Disability, ableism and humour

Image of a brown haired person with a hand over their mouth, their eyes wide open with a shocked look.
  1. If you’ve ever watched Seinfeld, you'll no doubt remember the episode where Jerry and his friends parked in a disabled car park. I don’t remember the full details of the episode because it was so long ago, but Kramer purchased a second-hand wheelchair after a woman’s wheelchair was destroyed due to her having to park elsewhere. The second-hand wheelchair’s brakes fail which results in her speeding down a hill and having another accident. There’s more to the episode, but that’s the gist of it. Is it ok to laugh in the situation? No. Why? It’s laughing AT a disabled person, not WITH a disabled person. If you haven’t seen the episode, it’s called ‘The Handicap Spot’ — even a title that wouldn’t get passed today.
  2. I was at a gym and made a joke about my disability in reference to a team challenge that was going on. The challenge was to sit against the wall for as long as possible. As a wheelchair user, I took a photo of myself with my back against the wall with the hashtag #crushedit beside me. I was asked awkwardly by someone “Can I laugh at that?”, “Of course!” I said. I was the one making the joke about myself.
  3. The incident that inspired this post occurred this past week when nominations for the upcoming gym awards opened. One of the awards is : ‘The person who talks the talk bigger than they walk the walk.’ — I jumped on this one in the Facebook group and claimed myself the winner due to the fact I can’t walk (we shall see the outcome later this month). Is this ok to laugh at? Yes, because I’m the one making a joke about me.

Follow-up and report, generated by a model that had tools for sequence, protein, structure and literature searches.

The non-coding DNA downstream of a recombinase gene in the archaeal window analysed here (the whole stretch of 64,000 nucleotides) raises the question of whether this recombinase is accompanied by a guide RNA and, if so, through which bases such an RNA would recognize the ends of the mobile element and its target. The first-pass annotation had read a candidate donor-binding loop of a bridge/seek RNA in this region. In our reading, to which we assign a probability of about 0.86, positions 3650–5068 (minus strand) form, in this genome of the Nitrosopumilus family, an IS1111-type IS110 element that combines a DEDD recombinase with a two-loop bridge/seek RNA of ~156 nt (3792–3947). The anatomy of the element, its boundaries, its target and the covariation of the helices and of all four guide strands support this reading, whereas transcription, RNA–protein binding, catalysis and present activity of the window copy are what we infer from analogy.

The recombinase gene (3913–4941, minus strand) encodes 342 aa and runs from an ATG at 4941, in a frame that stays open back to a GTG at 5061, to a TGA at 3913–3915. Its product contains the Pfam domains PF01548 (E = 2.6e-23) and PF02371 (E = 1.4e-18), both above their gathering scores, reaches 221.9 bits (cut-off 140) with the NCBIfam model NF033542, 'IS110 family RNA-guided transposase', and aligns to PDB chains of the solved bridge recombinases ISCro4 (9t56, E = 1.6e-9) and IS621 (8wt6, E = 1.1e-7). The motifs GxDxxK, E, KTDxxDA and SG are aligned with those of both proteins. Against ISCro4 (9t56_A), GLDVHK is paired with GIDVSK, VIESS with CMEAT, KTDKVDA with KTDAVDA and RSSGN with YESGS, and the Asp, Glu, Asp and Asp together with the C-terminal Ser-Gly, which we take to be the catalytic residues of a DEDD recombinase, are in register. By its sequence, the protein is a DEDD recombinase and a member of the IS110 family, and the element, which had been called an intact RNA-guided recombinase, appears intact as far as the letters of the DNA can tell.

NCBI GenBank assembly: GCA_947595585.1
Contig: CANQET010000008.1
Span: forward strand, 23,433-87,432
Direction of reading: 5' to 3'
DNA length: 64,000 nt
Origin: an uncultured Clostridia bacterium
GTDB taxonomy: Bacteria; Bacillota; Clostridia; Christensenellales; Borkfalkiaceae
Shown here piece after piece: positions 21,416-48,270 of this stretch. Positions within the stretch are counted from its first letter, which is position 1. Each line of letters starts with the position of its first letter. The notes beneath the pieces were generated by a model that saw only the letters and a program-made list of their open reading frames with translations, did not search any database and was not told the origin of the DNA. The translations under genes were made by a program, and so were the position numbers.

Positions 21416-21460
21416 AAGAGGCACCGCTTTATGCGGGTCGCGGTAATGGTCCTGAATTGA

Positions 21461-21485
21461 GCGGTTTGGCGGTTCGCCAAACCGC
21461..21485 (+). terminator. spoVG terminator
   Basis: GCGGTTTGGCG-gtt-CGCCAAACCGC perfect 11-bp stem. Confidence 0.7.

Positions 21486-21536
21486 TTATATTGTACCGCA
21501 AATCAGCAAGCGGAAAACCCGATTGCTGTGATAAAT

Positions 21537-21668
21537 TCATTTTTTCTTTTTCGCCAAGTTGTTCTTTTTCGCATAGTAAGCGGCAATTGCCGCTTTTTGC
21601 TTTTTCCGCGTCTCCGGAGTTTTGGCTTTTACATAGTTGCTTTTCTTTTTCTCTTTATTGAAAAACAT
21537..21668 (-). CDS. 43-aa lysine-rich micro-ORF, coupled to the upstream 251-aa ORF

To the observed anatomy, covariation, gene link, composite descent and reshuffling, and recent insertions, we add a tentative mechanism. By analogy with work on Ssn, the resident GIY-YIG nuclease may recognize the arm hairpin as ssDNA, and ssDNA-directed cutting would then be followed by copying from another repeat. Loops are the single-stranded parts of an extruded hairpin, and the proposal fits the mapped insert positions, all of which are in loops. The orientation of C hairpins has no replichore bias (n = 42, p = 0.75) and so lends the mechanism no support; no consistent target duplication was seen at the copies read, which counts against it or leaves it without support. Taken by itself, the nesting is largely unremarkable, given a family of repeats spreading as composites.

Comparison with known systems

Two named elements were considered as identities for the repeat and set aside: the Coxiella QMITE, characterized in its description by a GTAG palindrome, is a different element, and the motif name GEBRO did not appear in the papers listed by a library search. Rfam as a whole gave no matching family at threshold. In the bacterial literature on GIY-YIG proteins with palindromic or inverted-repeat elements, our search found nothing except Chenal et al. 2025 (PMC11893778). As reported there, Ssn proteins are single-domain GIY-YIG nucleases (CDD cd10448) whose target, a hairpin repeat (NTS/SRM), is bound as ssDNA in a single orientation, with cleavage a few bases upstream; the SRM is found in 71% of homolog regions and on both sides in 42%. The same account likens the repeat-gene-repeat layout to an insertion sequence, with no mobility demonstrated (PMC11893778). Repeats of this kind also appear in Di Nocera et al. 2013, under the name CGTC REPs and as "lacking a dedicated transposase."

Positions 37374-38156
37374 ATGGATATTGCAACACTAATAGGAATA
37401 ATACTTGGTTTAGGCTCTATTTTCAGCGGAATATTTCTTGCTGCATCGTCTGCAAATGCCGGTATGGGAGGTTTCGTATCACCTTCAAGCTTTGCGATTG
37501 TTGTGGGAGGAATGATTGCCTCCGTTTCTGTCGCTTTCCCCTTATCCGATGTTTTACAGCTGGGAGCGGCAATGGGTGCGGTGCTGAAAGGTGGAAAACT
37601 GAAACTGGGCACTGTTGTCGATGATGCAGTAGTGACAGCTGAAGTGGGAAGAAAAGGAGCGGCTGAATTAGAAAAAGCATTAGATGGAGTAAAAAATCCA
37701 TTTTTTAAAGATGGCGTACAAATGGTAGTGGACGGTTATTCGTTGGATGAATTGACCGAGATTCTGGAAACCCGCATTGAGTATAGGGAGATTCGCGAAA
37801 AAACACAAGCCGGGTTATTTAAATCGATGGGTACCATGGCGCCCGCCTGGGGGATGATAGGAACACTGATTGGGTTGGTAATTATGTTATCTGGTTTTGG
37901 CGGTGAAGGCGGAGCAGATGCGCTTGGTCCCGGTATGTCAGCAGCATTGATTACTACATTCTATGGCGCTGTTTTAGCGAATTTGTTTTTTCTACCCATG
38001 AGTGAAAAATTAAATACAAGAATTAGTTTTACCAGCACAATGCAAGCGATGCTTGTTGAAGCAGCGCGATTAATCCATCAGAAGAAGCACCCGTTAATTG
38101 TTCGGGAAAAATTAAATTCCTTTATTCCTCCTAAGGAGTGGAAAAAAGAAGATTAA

1. It’s totally ok to laugh when a disabled person is making a joke about themselves.
  2. It’s not ok to laugh at the expense of a disabled person like in the Seinfeld skit. That skit was completely ableist and made light of situations disabled people face far too often.
  3. You’re being ableist if you’re a non-disabled person making a joke about disabled people.
  4. Think about the ABC tv show Black Comedy. It’s funny as hell because it’s Aboriginal people making the jokes. If it was a white person, like when the comedy Two Broke Girls made a joke about Aboriginal people, that’s racist. It’s the same rule for humour and disability.

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Ainslee Hooper

Ainslee Hooper

28 Followers

Applied Anthropologist specialising in disability inclusion.